Parents often use the term "low grade fever" to indicate something less than 100.5°F. There is really no such thing. It's either a fever or it's not. A low fever in my mind means a temperature over 100.5°F that doesn't make the kid feel pathetic. Any temperature less than that simply isn't a fever. The child might be sick and temperature doesn't define illness, but it's not a fever.

There also isn't a medical definition of high fever. The temperature is the temperature and illness is better defined by describing all symptoms, not just the temperature. I guess if I had to define a high fever, it would be one that makes a person feel absolutely miserable. There is no magic number that defines this high fever or that tells us when to worry more. It's more important to look at the child than the thermometer to know if they're really sick or not.

Many parents have fever phobia, a condition where they worry that the fever itself will do damage. While a rapidly increasing temperature can cause fever seizures, these are more scary than dangerous. Fever seizures can occur with relatively low fevers if the change in temperature is rapid. It's not necessarily the high high temperatures that cause seizures. The brain will not be permanently damaged from most fevers (even high temperatures), though a fever can be a symptom of serious illness that can damage the brain, such as meningitis. But you would recognize that your child is more sick than the typical illness if they are having symptoms of such a significant illness. You would not use a thermometer to tell you that.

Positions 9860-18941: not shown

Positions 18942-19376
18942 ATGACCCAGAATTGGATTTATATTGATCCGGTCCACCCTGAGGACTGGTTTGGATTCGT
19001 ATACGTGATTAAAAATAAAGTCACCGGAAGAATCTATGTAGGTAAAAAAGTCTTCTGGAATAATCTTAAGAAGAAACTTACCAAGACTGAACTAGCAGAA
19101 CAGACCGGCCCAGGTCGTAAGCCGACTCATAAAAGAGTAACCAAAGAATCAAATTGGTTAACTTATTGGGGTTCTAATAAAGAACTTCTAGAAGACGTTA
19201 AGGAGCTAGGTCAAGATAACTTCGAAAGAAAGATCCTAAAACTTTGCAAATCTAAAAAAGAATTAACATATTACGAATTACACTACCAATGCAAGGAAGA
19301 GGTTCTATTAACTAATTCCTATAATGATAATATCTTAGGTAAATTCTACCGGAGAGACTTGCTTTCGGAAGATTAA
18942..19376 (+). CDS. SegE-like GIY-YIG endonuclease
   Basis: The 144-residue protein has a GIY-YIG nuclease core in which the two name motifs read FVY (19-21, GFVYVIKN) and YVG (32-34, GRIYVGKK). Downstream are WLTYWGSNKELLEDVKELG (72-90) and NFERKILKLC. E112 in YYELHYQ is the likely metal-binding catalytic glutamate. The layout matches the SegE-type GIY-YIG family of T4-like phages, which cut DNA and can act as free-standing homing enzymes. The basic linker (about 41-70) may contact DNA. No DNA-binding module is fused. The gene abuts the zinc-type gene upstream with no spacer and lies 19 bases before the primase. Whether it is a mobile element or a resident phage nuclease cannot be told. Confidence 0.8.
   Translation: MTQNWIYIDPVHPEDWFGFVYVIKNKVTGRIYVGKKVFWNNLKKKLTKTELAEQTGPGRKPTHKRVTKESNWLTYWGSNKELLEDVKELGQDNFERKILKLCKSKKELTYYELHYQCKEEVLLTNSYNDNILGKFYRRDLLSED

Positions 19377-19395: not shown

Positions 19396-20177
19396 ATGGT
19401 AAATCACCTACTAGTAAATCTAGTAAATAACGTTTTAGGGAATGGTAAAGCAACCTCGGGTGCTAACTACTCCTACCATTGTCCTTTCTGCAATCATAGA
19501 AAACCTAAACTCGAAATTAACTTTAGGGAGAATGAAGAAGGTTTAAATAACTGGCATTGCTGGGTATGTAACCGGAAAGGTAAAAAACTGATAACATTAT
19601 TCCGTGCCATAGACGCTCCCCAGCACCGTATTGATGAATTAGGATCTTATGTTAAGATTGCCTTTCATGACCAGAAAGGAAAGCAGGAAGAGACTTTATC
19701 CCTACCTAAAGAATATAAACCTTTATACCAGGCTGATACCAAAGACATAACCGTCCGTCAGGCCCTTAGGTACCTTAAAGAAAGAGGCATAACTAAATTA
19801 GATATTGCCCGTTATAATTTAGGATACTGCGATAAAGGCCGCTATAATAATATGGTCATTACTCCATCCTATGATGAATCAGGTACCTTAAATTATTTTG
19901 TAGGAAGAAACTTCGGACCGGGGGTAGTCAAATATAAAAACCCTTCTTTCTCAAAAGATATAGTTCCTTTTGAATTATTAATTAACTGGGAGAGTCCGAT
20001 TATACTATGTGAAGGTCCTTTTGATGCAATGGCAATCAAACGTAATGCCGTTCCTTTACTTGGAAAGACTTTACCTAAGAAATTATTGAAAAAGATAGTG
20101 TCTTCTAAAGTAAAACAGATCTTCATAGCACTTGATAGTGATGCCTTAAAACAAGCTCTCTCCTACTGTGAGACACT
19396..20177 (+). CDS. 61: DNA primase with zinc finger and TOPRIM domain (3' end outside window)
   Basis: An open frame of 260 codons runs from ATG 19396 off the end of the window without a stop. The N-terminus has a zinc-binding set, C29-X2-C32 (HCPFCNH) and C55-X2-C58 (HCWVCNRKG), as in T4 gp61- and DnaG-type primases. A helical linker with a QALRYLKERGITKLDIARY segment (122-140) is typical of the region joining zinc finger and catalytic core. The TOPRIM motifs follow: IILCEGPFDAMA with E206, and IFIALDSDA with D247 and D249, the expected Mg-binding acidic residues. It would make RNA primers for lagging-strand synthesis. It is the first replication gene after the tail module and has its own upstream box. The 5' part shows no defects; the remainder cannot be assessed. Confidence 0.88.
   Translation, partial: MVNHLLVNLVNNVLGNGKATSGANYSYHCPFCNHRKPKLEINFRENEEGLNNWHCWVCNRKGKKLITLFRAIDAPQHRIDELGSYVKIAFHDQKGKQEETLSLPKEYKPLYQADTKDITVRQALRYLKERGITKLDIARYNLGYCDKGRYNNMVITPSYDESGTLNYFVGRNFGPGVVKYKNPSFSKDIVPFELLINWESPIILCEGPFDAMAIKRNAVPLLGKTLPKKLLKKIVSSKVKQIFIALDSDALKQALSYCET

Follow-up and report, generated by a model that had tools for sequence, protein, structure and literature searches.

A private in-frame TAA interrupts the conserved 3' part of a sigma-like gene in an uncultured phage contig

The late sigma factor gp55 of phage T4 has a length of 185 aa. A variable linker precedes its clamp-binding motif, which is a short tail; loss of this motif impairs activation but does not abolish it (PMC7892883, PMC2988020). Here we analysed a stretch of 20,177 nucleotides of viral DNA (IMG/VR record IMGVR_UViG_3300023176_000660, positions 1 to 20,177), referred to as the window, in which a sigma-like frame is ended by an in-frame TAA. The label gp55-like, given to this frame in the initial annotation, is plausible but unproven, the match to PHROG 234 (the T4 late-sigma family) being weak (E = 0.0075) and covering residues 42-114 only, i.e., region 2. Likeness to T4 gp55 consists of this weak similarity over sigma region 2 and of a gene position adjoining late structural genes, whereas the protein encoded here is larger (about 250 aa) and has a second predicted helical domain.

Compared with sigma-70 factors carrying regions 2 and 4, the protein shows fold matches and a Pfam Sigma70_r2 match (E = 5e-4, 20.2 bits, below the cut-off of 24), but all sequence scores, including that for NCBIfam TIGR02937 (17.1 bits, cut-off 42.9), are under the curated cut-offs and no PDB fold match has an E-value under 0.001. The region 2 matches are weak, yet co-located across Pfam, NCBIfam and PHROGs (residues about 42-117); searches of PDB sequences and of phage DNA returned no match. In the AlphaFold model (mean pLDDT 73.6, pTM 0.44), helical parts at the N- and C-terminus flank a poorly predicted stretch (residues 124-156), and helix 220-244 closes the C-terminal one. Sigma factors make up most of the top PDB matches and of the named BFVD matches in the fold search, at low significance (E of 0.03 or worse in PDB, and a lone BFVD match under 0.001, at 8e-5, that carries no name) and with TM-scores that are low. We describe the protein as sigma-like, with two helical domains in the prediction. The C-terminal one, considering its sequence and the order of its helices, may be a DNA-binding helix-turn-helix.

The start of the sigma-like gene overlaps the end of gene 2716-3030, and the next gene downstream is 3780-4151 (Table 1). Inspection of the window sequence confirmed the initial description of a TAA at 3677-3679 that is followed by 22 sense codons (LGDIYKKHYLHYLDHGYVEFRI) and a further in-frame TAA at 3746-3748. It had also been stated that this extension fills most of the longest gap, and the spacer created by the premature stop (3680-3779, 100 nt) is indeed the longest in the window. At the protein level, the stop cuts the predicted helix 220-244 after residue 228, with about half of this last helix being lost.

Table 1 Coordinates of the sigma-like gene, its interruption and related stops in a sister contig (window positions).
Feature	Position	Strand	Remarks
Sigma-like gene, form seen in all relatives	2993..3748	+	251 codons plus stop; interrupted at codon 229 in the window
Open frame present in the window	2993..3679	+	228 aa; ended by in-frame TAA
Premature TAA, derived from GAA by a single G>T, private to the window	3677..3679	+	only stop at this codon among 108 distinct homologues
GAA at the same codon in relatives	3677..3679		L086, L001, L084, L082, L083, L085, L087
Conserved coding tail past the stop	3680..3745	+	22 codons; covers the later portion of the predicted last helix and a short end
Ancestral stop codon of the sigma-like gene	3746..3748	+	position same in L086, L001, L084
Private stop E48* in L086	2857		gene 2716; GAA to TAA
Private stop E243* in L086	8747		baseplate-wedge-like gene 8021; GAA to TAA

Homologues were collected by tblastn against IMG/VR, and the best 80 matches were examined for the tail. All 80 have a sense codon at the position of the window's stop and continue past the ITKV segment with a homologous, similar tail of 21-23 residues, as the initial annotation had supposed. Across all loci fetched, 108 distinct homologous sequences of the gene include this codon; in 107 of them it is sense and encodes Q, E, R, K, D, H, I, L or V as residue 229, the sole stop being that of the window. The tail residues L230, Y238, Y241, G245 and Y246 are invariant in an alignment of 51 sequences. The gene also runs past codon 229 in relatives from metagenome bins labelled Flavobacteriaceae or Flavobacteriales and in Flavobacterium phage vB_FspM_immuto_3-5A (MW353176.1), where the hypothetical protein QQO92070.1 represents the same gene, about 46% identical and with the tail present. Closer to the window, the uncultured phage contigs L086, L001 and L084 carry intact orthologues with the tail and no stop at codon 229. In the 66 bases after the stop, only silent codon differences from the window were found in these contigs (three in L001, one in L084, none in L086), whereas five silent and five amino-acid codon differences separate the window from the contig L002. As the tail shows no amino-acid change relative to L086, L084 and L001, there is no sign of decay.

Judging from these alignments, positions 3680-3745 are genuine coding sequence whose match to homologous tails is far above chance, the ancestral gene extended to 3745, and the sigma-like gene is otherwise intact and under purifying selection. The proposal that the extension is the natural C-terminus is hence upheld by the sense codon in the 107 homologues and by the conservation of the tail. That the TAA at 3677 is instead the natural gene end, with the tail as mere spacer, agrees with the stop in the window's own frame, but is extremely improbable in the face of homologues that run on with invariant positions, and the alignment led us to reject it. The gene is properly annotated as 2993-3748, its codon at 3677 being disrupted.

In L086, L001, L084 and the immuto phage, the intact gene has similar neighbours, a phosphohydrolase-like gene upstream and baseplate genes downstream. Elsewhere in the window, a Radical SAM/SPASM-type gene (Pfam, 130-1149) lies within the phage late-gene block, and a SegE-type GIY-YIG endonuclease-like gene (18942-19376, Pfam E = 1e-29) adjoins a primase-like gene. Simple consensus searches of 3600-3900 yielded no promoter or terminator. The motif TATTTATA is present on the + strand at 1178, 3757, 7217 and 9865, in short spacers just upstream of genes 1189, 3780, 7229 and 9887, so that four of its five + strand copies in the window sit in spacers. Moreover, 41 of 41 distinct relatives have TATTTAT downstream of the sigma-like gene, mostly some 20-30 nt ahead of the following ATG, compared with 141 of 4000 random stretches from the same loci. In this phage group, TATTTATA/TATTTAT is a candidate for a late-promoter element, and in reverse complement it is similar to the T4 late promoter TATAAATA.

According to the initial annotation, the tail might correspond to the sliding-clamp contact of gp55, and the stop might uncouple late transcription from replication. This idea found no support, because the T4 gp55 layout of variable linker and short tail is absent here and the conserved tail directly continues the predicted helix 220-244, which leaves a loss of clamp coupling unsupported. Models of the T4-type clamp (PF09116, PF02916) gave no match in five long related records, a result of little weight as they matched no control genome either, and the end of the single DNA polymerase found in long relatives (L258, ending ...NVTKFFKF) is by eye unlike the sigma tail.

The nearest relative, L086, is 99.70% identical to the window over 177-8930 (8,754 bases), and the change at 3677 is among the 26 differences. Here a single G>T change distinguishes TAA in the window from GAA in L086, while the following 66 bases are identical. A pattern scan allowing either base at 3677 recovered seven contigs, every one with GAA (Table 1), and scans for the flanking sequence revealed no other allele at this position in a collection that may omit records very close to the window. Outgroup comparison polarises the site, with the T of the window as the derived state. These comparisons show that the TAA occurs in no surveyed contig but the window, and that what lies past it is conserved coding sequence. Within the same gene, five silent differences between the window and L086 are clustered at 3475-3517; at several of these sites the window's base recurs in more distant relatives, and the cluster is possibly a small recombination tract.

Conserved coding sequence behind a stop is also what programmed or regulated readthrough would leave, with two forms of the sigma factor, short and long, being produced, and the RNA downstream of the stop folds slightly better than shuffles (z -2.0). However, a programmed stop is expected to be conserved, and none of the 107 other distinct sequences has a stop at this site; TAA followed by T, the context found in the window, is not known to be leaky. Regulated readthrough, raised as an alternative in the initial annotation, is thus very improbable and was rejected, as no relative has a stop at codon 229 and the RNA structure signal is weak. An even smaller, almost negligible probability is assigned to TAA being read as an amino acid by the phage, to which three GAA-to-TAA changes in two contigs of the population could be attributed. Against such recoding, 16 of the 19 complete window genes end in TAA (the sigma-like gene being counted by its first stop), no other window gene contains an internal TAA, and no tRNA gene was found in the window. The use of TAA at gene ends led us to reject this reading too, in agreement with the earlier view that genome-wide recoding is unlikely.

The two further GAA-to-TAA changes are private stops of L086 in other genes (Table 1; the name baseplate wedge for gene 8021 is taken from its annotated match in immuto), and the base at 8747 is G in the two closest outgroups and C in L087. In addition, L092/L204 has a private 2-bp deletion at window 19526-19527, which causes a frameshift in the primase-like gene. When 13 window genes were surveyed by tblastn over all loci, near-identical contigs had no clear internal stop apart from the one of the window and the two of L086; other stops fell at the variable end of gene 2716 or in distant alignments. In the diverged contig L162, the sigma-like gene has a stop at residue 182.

I do not recommend taking a child's temperature frequently. That causes excess worry in parents when the temperature increases by 0.5 degree, which could be a real change or just the thermometer's reading. Respond to your child, and don't rely on the thermometer. Never wake a comfortably sleeping child to take the temperature. Don't use sticky strip thermometers that tell your cell phone if there's a fever (yes, that exists, and it will lead to more parental anxiety than help keep children healthy.) Knowing the temperature helps to know if it is a true fever or not, but it should not direct you to give medicine or not. A temperature can be taken at times you need to know if there's a fever, since schools and daycares have rules to keep kids with fever away (though fever is not the only sign of illness and if your child's sick he might need to stay home despite temperature). It is sometimes helpful to know if a warm or hot child has a true fever, but you don't need to take it every hour to follow the trend with most illnesses. It's not even helpful to see how much medicine brings the temperature down. If a child doesn't improve, you will be concerned regardless of the thermometer reading. Taking a temperature once or twice a day is sufficient. I'd recommend taking it at times that it is likely to be its highest, such as in the evening or when fever reducing medicine has worn off.